Saturday, January 16, 2010


In an old Kiplinger Letter from 1982 or so, I once read that agribusiness had grown "beyond its economies of scale." A memorable phrase.

During the recent fiscal crisis, the memorable line was "too big to fail."

I totally buy the TBTF argument. To let your biggest firms fail in the midst of "the worst recession since the Great Depression" is to invite disaster.

John Maynard Keynes, asked by a journalist whether there had ever been anything before like the Great Depression, replied: "Yes, it was called the Dark Ages, and it lasted four hundred years."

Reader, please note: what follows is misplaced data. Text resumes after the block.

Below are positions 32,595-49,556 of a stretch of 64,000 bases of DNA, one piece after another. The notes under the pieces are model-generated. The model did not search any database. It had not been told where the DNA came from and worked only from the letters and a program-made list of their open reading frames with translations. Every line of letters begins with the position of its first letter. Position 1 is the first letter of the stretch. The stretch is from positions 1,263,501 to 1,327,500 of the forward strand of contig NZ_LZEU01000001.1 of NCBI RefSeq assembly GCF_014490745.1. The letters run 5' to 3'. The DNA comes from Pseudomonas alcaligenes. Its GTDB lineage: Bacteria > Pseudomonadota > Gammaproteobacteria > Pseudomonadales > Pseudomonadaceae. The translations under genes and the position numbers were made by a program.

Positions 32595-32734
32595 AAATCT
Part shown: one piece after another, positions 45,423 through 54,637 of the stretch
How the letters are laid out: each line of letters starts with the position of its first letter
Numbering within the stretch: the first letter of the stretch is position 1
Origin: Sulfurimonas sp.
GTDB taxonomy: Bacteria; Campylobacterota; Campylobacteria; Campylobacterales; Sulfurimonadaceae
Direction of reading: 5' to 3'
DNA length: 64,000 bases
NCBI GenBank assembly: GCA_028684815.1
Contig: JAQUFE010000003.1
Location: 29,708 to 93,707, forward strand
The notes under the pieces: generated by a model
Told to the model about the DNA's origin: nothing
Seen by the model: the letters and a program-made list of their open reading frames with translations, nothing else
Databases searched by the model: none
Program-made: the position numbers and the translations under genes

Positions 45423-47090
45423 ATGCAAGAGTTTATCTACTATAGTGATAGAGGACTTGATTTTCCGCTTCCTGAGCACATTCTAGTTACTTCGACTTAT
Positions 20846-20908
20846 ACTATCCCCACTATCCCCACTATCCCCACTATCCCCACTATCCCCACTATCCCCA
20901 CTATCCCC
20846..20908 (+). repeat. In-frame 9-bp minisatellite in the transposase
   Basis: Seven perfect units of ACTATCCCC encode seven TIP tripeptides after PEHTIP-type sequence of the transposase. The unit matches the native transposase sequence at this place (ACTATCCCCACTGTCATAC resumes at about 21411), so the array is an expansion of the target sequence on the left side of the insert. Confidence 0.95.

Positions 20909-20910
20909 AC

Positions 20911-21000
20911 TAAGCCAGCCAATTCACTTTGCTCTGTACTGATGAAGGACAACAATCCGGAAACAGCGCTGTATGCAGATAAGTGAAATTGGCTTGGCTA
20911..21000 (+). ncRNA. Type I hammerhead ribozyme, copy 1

If you want to break up big businesses, do it while the economy is on the up-swing. Don't wait to do it during the worst whatever since whatever.

A question arises: How do businesses get TBTF? In particular: What makes a business grow "beyond its economies of scale?" What makes a business get so big that it would be more profitable to be smaller -- and yet continue to grow?

What makes a business grow larger than its natural economic limits would allow? The tax code. The tax code makes business grow. The tax code says re-invest your money or we'll tax it. To minimize taxes, business must grow.

What makes a business get too big to fail? The tax code, that's what.

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